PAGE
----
Most birds of prey, such as eagles, hawks, ravens and gulls, get lead poisoning through leftover gut piles, un-retrieved carcasses and varmint carcasses left in the field. Birds of prey, also known as Raptors, and scavengers will ingest lead ammunition fragments left in the tissue of carcasses. They can also ingest lead tackle left behind in fish.
If not treated by professional veterinarians or licensed rehabilitators, these birds will die a slow death. Depending on the level of toxicity, lead poisoning could take weeks for a bird to succumb to the effects. Symptoms include weakness, emaciation, and un-coordination. They can not fly or even walk. Because of this, these birds are found along roadsides scavenging off of roadkill and are then hit by cars.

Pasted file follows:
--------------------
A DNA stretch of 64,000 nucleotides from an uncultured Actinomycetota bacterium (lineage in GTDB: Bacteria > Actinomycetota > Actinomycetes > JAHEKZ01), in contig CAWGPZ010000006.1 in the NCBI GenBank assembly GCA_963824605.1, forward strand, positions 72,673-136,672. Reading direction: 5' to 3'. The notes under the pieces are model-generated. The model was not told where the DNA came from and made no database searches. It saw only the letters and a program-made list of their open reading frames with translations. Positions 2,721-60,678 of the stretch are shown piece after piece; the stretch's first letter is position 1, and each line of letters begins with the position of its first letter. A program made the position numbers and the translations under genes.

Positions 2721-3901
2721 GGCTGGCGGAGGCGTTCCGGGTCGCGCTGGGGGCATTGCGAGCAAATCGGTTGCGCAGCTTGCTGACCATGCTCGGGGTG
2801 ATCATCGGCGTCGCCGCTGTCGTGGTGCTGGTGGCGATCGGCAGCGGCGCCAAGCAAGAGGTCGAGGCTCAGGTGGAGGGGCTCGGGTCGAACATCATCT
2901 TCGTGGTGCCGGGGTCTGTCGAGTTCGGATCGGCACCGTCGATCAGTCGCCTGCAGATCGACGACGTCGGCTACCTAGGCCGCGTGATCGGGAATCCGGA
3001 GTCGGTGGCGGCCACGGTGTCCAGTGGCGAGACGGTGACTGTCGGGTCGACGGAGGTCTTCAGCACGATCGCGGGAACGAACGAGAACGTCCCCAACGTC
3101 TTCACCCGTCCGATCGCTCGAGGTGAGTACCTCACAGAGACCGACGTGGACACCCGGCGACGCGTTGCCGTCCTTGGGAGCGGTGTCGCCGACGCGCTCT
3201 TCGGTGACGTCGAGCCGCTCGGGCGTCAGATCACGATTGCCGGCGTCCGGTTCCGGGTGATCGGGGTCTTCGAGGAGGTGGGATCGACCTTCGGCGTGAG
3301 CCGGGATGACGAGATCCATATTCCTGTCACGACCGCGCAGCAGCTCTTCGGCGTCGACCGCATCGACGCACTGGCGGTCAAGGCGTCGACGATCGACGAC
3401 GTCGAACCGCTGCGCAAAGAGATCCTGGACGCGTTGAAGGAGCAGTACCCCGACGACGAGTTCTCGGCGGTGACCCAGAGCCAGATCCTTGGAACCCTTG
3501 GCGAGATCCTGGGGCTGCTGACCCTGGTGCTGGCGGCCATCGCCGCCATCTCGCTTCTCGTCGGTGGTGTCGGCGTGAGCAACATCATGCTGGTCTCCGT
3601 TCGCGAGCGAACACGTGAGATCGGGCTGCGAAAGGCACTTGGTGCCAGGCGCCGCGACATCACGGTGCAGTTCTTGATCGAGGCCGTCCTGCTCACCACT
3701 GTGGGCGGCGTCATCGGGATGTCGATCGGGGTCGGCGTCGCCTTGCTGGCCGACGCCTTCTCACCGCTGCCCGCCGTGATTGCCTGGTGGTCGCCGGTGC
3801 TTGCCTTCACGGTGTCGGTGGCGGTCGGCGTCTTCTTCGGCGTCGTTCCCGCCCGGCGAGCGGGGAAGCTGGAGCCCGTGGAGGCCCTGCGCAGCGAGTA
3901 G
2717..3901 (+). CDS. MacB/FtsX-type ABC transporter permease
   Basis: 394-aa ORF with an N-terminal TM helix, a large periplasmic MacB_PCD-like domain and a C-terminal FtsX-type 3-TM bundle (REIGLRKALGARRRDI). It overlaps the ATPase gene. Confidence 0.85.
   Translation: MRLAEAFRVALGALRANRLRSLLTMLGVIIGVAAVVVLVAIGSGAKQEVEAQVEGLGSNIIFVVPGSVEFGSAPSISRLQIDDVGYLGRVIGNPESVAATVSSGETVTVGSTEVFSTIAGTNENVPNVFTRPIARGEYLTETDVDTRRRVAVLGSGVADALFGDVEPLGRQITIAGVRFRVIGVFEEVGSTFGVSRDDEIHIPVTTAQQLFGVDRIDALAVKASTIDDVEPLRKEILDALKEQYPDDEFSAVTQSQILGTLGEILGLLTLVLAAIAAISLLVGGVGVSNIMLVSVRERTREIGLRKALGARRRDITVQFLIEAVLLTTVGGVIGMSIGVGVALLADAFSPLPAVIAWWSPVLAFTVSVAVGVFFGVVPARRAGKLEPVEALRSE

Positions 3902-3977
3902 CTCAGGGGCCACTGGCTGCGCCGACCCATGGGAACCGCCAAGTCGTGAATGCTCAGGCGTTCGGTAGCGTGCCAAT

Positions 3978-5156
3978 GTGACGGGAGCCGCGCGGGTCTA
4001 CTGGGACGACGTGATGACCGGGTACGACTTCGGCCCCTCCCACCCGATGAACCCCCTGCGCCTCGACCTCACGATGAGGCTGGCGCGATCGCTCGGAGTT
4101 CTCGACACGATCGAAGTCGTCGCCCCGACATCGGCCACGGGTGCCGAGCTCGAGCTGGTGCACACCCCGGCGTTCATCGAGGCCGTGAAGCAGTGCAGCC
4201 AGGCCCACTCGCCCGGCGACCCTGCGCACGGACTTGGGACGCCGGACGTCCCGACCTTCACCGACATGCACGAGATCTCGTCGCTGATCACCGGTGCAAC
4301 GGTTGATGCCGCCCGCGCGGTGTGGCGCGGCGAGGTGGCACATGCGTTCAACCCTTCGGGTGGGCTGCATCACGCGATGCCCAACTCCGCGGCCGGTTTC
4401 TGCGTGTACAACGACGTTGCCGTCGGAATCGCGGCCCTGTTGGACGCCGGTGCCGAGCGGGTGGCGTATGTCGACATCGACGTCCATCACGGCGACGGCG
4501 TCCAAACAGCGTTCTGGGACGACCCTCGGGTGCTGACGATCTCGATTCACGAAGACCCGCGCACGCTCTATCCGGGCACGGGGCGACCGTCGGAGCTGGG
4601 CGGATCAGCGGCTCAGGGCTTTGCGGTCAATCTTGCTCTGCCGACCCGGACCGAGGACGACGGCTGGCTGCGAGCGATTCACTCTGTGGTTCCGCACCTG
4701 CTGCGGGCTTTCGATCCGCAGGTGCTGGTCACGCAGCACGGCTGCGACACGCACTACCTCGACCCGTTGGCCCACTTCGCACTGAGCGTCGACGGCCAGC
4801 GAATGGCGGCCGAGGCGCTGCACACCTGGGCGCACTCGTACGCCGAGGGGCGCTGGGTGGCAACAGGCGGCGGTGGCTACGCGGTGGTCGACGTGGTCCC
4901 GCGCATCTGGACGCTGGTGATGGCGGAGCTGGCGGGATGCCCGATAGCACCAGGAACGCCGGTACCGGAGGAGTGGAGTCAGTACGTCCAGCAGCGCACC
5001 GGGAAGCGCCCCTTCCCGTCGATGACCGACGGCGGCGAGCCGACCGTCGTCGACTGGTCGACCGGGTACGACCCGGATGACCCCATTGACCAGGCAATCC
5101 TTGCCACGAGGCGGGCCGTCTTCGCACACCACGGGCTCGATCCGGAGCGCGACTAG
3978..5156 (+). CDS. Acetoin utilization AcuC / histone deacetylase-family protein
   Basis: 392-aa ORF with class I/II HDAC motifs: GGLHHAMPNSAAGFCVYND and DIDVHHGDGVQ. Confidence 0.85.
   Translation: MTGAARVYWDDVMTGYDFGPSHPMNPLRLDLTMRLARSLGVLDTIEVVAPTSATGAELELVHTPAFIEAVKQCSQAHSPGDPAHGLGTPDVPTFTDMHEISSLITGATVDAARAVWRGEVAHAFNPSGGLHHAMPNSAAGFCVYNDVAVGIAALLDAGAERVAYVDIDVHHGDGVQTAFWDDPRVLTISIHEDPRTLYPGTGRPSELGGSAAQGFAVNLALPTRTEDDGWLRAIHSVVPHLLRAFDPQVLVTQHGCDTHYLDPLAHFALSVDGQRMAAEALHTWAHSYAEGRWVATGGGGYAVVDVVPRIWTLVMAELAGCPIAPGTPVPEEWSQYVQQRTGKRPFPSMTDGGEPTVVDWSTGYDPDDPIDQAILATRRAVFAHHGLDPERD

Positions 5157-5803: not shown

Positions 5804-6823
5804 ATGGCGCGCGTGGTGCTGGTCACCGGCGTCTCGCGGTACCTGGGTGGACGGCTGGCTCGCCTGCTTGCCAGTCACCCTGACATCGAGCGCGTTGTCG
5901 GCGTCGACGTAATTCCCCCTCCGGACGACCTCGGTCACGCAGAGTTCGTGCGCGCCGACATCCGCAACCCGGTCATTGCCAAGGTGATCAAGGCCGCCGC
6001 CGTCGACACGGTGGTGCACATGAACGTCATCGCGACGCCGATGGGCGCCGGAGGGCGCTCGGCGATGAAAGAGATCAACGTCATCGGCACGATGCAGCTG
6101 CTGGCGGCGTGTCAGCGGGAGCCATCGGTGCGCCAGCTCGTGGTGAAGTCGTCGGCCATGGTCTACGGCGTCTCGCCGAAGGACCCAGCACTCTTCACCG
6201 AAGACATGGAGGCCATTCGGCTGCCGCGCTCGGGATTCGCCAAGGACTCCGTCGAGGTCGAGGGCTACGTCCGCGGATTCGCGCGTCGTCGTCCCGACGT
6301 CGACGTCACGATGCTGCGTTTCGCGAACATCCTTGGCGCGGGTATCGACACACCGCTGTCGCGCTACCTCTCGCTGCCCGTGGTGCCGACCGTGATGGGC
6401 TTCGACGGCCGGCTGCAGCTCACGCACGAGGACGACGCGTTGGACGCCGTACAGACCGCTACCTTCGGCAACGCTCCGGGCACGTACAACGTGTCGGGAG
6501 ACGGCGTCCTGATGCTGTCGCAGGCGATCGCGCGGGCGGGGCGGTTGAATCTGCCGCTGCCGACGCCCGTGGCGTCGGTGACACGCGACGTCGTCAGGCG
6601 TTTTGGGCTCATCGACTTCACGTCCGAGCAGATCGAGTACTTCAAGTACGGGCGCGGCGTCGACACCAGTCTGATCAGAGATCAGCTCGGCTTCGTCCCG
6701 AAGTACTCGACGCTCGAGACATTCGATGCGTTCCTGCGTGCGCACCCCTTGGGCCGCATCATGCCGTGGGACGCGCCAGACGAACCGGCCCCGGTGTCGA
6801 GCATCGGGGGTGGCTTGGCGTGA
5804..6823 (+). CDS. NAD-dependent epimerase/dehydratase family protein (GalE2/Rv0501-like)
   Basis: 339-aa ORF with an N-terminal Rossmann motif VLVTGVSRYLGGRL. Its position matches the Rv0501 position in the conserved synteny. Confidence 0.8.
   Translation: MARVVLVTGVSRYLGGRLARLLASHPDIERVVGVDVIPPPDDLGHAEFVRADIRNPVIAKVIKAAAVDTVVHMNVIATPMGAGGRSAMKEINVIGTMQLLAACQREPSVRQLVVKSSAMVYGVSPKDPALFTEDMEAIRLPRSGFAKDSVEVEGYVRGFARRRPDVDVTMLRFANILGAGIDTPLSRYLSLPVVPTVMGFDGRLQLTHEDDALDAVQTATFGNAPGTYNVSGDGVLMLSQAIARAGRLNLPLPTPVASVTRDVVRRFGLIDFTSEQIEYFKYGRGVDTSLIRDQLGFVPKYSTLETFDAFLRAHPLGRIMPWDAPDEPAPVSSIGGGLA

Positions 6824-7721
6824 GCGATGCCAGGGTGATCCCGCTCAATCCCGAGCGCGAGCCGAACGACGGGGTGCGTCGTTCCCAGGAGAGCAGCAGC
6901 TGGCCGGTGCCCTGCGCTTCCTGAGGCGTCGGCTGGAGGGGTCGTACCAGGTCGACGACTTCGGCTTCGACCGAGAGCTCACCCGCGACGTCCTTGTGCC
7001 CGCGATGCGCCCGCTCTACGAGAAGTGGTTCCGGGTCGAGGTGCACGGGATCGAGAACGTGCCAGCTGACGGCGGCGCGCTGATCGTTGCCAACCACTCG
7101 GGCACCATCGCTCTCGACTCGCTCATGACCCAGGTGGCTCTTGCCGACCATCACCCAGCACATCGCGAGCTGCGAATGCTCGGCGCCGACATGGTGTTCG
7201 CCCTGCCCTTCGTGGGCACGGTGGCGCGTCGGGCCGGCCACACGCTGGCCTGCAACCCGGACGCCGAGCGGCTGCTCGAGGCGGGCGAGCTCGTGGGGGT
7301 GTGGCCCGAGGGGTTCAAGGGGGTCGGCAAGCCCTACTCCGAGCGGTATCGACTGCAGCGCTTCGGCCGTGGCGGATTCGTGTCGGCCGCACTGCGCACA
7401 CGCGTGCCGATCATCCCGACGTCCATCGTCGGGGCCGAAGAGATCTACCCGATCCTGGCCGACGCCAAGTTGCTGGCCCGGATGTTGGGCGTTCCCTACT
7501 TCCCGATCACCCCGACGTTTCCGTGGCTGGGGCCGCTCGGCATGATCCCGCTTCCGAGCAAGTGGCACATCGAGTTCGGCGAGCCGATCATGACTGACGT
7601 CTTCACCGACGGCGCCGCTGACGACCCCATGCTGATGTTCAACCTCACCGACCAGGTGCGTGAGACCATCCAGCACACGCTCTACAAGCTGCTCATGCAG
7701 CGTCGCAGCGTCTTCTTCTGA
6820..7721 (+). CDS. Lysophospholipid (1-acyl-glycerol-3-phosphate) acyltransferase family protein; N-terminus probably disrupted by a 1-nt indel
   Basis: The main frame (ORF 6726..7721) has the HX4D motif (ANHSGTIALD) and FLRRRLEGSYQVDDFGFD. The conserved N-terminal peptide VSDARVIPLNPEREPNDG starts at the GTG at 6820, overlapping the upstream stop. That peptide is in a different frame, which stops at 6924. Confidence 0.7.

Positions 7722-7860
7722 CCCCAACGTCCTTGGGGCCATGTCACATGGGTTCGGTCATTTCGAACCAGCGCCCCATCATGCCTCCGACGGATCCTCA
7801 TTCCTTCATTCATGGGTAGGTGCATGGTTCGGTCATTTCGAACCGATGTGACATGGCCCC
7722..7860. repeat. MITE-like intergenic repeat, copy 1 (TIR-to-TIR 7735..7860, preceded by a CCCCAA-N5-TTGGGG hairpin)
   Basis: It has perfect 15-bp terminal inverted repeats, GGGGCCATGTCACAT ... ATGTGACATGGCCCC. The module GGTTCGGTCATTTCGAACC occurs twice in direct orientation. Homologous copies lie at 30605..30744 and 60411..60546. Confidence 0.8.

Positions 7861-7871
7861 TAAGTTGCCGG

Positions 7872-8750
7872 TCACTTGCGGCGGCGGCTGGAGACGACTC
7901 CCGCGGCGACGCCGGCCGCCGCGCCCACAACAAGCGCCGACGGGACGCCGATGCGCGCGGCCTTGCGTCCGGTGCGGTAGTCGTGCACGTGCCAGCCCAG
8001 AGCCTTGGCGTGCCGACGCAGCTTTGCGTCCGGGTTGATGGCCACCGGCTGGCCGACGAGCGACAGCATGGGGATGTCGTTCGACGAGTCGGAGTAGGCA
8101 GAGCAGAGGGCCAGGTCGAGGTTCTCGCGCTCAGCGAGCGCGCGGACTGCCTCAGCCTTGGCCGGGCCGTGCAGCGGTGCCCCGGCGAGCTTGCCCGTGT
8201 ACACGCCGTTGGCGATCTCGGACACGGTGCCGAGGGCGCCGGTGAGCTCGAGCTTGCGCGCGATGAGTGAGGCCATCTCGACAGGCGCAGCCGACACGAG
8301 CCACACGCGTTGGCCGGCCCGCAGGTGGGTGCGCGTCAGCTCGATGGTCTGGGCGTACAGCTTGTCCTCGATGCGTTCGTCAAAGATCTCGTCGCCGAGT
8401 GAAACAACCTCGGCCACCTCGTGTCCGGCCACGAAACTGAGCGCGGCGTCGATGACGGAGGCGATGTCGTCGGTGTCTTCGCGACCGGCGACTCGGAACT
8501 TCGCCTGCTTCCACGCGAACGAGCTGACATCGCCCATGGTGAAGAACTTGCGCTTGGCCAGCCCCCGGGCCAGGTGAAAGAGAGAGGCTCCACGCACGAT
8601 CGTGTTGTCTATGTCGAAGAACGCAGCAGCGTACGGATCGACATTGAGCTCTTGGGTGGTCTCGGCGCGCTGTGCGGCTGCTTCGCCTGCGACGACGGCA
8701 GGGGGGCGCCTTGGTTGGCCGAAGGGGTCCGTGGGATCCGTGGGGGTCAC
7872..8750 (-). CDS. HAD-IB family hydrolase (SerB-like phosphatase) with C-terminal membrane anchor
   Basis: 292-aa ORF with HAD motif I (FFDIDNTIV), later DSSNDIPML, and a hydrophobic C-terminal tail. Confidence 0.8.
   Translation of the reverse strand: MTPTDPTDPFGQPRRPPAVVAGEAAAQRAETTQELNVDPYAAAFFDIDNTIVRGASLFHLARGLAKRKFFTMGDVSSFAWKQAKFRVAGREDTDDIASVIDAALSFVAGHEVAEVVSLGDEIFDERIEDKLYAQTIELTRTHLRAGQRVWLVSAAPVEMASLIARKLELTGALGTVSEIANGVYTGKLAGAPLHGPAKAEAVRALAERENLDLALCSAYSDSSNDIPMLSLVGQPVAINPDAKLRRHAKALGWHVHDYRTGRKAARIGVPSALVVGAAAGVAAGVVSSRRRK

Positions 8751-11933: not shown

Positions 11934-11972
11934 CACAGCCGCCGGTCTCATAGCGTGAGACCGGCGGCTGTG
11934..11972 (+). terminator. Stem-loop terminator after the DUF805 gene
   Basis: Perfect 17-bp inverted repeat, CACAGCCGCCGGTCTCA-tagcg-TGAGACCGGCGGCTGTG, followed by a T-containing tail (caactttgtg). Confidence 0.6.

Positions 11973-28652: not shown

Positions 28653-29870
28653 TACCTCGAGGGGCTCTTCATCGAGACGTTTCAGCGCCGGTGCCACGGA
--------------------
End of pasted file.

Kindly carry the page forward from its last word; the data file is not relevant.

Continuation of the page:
Use non-lead ammo so that you are not poisoning our avian scavengers.
You can buy non-lead ammo from your larger sporting goods stores or cheaperthandirt.com.
Check out this great video
The PA Game Commission provided this webinar on Lead (get your popcorn...it's long but extremely informative.)
Before bringing us any animals. We may ask you to take it to a different location.